Society for Cultural Anthropology
Society for Humanistic Anthropology
Cosponsored - Oral Presentation Session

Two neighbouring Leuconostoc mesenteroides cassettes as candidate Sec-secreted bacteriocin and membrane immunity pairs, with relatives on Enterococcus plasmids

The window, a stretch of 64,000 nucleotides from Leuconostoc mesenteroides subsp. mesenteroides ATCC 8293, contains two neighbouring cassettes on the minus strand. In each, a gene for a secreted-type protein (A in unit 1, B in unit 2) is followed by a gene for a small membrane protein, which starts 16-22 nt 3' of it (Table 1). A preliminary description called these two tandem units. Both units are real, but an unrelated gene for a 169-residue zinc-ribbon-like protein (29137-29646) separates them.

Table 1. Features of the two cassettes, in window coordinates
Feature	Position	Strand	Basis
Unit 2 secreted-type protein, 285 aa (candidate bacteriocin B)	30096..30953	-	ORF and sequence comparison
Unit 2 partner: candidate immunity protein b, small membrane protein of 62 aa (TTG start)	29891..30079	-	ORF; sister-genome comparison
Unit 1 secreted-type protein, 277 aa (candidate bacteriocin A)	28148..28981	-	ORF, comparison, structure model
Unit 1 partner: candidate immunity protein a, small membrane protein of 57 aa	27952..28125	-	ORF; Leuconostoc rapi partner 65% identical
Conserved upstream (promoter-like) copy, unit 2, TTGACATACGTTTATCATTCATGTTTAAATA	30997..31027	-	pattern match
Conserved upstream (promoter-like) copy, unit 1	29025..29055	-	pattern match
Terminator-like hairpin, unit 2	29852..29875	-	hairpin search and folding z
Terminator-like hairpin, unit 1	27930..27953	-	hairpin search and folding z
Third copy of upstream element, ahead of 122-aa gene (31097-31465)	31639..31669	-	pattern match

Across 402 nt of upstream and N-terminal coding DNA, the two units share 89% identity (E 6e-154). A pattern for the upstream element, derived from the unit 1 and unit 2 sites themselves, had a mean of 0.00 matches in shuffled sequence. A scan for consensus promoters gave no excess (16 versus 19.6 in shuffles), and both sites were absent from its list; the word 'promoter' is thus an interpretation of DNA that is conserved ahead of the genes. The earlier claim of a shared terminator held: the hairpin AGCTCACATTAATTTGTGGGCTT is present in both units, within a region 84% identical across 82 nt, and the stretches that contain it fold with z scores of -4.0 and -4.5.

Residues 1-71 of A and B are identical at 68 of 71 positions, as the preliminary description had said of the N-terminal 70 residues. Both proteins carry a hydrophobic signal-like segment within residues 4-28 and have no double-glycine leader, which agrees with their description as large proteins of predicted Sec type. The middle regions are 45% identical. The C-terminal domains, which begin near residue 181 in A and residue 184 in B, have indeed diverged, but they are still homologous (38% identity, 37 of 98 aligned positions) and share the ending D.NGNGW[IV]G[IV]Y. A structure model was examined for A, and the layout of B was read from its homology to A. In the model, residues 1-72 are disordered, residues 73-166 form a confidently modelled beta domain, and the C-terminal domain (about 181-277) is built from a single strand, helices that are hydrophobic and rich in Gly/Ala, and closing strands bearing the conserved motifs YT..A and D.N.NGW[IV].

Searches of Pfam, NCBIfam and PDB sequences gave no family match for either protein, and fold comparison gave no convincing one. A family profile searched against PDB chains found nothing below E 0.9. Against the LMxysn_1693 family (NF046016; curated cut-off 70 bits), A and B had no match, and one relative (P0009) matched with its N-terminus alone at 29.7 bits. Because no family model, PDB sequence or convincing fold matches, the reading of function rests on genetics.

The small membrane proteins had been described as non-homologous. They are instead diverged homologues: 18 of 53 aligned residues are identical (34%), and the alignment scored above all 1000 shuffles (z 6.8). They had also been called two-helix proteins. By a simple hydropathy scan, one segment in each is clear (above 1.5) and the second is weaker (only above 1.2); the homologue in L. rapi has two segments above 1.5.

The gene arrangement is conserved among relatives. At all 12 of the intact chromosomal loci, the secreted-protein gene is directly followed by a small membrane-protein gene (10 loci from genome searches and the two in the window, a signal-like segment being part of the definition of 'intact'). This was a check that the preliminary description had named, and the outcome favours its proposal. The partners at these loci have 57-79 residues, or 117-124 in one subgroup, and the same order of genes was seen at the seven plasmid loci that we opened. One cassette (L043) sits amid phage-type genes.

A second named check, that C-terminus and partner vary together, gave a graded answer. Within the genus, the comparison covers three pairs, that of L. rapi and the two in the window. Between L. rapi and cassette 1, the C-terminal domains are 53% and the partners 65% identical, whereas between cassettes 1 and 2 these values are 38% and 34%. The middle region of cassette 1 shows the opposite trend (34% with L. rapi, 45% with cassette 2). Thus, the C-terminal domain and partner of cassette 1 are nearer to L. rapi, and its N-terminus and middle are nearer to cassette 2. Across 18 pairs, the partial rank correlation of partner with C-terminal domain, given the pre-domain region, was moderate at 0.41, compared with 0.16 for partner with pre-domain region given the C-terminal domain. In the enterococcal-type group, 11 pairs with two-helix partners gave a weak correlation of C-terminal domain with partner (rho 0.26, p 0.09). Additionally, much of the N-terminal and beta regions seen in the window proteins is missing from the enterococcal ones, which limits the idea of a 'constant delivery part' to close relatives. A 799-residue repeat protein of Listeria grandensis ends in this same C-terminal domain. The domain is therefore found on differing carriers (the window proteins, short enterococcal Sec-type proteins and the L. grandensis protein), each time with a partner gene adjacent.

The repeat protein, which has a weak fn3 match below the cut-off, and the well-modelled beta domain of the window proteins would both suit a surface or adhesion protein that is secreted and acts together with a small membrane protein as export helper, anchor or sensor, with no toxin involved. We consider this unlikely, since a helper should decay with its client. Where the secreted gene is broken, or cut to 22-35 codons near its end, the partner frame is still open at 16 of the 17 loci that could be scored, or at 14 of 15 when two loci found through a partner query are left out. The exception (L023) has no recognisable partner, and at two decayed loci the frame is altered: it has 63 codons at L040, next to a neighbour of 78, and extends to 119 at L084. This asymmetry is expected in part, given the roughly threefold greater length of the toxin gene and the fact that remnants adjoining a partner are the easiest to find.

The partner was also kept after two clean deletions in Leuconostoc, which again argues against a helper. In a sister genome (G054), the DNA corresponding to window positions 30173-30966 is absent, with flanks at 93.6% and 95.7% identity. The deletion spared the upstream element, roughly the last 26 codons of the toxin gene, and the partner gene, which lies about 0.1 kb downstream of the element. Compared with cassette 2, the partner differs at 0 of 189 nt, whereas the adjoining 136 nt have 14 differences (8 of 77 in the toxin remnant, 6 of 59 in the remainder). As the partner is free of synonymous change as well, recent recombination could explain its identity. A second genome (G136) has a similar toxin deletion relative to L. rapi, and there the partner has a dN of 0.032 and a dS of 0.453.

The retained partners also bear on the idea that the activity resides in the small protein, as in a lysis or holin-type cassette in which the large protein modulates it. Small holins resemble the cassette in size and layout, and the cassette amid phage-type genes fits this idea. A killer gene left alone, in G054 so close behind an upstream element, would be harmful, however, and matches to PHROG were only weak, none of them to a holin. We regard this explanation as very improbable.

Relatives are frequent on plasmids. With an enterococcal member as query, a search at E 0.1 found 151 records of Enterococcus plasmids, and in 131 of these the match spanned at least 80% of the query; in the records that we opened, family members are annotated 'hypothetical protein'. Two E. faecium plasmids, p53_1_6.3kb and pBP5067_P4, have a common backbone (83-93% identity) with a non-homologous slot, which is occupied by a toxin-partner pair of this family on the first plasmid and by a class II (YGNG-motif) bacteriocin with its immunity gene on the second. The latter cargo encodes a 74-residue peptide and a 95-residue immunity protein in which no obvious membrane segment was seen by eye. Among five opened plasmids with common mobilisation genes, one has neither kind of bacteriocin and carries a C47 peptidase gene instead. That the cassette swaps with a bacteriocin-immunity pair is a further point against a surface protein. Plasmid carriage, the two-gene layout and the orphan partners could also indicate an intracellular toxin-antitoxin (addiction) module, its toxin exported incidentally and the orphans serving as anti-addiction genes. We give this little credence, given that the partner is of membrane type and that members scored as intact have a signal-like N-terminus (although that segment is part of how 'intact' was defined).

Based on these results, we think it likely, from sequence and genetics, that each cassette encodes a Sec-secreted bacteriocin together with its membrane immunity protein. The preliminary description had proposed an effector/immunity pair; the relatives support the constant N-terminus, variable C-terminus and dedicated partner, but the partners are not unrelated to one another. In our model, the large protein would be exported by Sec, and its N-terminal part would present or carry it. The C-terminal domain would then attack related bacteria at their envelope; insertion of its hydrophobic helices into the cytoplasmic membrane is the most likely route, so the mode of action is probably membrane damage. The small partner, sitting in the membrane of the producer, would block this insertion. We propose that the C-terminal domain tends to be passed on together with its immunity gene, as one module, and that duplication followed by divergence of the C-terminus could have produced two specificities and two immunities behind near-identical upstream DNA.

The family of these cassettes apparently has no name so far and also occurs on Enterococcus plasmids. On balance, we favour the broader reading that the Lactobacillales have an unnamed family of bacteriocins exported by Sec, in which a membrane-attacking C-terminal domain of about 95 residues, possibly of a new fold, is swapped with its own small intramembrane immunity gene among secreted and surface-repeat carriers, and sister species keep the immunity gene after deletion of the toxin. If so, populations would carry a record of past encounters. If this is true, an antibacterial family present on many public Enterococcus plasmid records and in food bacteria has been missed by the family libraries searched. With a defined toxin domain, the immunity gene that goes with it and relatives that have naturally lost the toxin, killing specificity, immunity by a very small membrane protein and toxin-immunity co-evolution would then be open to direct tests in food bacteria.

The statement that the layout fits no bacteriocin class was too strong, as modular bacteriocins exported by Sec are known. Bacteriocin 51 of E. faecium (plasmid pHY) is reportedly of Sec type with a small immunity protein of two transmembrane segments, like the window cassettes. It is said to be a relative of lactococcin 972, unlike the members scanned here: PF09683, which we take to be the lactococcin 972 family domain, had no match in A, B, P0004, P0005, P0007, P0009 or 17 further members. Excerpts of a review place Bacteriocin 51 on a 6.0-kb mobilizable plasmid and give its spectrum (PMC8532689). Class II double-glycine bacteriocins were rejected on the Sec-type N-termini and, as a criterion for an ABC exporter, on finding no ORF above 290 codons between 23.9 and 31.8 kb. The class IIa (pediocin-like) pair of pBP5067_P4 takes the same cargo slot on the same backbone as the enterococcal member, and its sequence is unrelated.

As I interviewed former students who occupied Sofia University between October 2013 and January 2014 in Bulgaria, I was struck by the way many of them described their experiences of the occupied space. Their descriptions of the Rectorate building of the university, an iconic building with commanding, grand presence in the city, did not recall an inert space that served as a frame for the occupation but revealed a deeply sensorial, imaginative and poetic experience of the space. Students shared visions of the Rectorate becoming something other to itself, imagining its transformations into multiple parallel and living possibilities. These wonderous transformation were double-visions, in which students remained very much aware of the “real” space and of their situation. In addition, stories of enchanted entry into the building revealed how such double-visions might have been fostered by moments of enchantment, which repeated. This paper will explore enchantment’s potential to cultivate the kind of attentiveness and openness that might be needed to “see” the occupied space and the student occupation and its possibilities differently. I also trace how such double-visions continue to disrupt and split a disappointing “real” and to release other possibilities into the former students’ lives today.